Tuesday, March 8, 2011

A different kind of bird guide

American birders are used to birding field guides that can be easily carried into the field where the user can refer to them when they see an unusual bird. Richard Crossley comes from another tradition. He grew up in England where the practice was to take a notebook and pencil with you when birding to make notes about or draw what you saw. Then you returned to base and compared your notes or drawings to what was shown in your birding guide books. That tradition has informed his recently released magnum opus, The Crossley ID Guide: Eastern Birds.

This is not a book to carry into the field with you, unless you are planning to combine your birding with weight-lifting. This is a BIG book. But it is definitely a book that you would want to refer to after your return from the field for it provides a wealth of information about birds.


Here, for comparison of size, are a few of my guides laid out on my dining room table. Crossley is on the left; next is the recently published Stokes guide which is also a big book. Then, in order, are the National Geographic, the Sibley, the Kaufmann, and, lastly, my old Peterson guide.

The book is big at least in part because of Crossley's revolutionary approach in presenting his species pictures. He has taken photographs of the individual bird species in many different plumages and poses and placed them (using modern photographic technology) in a naturalistic setting that depicts the bird's normal habitat. The result is a kind of diorama of bird activity for each species.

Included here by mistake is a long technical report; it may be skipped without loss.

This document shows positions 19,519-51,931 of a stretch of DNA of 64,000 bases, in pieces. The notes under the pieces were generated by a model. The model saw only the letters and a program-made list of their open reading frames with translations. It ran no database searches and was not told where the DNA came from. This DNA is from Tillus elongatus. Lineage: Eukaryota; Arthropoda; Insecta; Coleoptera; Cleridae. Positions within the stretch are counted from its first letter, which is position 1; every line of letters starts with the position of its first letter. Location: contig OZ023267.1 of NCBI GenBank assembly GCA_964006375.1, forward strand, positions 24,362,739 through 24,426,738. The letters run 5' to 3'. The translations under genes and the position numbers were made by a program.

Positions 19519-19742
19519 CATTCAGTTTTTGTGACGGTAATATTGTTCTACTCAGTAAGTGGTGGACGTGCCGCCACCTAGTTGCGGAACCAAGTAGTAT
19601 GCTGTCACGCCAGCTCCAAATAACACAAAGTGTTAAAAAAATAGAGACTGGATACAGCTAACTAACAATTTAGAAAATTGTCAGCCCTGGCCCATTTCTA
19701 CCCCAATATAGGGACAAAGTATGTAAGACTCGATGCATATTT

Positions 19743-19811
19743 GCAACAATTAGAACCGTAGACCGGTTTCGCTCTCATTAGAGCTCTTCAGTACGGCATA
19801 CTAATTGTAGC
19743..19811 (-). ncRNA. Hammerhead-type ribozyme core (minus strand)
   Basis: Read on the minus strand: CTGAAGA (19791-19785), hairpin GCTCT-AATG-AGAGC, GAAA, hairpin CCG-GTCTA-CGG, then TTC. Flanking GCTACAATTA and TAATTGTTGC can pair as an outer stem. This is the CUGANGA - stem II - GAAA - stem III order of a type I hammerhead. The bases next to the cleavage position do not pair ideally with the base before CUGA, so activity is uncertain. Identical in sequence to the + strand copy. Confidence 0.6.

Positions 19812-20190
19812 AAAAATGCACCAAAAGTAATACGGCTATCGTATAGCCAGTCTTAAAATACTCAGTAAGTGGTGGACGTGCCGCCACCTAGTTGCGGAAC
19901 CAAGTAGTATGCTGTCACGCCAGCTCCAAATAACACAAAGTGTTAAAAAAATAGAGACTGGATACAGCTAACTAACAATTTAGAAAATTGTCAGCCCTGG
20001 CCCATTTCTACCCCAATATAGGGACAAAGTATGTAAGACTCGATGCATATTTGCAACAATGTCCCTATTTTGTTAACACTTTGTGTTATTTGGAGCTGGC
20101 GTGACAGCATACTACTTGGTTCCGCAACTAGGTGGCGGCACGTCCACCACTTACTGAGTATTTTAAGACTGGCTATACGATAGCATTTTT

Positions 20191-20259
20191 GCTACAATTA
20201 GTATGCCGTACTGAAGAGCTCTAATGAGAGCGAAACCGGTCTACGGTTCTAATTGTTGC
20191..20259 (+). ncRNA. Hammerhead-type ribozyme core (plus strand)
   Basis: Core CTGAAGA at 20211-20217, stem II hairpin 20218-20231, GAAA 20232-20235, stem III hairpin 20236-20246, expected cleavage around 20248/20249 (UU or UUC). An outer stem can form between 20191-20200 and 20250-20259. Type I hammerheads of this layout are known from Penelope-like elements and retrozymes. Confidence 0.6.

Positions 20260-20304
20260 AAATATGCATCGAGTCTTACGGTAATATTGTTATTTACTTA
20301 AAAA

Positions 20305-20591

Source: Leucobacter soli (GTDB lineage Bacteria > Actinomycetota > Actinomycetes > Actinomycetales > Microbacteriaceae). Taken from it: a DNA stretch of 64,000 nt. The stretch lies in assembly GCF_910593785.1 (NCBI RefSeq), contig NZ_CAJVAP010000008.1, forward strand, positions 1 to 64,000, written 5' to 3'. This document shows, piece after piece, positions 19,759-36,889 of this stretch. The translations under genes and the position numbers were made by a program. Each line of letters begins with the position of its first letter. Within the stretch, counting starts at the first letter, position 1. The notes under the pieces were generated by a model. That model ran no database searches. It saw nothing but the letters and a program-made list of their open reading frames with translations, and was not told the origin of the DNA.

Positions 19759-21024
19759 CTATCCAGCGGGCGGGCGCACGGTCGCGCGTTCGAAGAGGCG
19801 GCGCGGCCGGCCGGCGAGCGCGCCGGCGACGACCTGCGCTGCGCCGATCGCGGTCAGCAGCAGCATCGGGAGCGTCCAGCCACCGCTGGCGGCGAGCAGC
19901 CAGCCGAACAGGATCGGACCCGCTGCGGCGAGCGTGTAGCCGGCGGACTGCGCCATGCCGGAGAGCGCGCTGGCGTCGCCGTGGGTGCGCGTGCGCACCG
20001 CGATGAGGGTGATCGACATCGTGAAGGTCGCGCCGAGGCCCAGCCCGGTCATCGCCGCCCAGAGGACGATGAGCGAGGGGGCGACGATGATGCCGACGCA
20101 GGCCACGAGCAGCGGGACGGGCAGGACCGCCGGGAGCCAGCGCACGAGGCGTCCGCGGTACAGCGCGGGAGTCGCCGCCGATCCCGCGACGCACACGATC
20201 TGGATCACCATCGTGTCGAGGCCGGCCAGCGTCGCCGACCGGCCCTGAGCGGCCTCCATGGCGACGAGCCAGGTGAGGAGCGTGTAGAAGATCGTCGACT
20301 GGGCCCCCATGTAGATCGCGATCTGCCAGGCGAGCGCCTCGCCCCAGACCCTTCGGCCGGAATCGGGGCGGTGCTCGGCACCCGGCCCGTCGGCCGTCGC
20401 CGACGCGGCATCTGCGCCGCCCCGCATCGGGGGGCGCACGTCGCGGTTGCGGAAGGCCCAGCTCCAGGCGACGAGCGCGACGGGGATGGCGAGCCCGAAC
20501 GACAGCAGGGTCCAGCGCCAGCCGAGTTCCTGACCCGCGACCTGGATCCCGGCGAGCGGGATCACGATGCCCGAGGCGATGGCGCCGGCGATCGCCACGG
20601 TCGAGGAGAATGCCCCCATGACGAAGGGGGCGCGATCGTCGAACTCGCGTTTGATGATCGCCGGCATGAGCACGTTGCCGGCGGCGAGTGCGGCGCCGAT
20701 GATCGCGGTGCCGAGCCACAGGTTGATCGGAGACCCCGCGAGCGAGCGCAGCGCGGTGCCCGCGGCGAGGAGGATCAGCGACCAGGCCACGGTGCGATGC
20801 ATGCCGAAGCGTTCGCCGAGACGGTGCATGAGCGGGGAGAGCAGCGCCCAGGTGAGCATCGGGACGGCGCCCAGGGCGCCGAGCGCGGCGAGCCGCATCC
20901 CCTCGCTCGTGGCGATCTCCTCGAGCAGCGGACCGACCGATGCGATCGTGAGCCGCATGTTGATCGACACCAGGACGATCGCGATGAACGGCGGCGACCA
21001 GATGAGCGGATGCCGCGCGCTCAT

Thus, when you look at a species' page, you are looking, in effect, at a flock of the birds as they might appear in the wild if you saw that many of them together. They are flying or perching or walking or eating or singing. As you gaze at them in all these different poses, Crossley's idea is that you will be seeing the birds close to the way that you actually saw your bird in the wild, rather than the more structured way that birds often appear in field guides.


For example, this is the Crossley page for the Ruby-throated Hummingbird. The bird is shown in several plumages and different poses within a setting such as you would be likely to see the bird in naturally.


This, on the other hand, is the way that the Stokes guide, which also uses photographs, solves the problem of showing the different plumages of the same bird.


And this is the Sibley which uses the traditional approach of depicting the bird against a white background and pointing out field marks that help to identify the bird. This is the method that was pioneered by that father of field guides and of modern birding, Roger Tory Peterson.

I think Crossley's idea is a brilliant innovation and a step forward in the production of bird guides. Moreover, it is one that I think is likely to prove very popular with my fellow birders.

This guide is short on text. Crossley states right up front that he doesn't like text. For him, the picture's the thing. If one picture is worth a thousand words and this book contains over 10,000 pictures...well, you do the math.

If you love birds, whether you are a dedicated and obsessive birder, a backyard birder, or just someone who enjoys birds and wants to know more about them, you need to check this book out on your next trip to the bookstore. You might find it is just what you've been looking for.

(Full disclosure: A complimentary copy of this book was provided to me by the publisher for the purposes of this review.)

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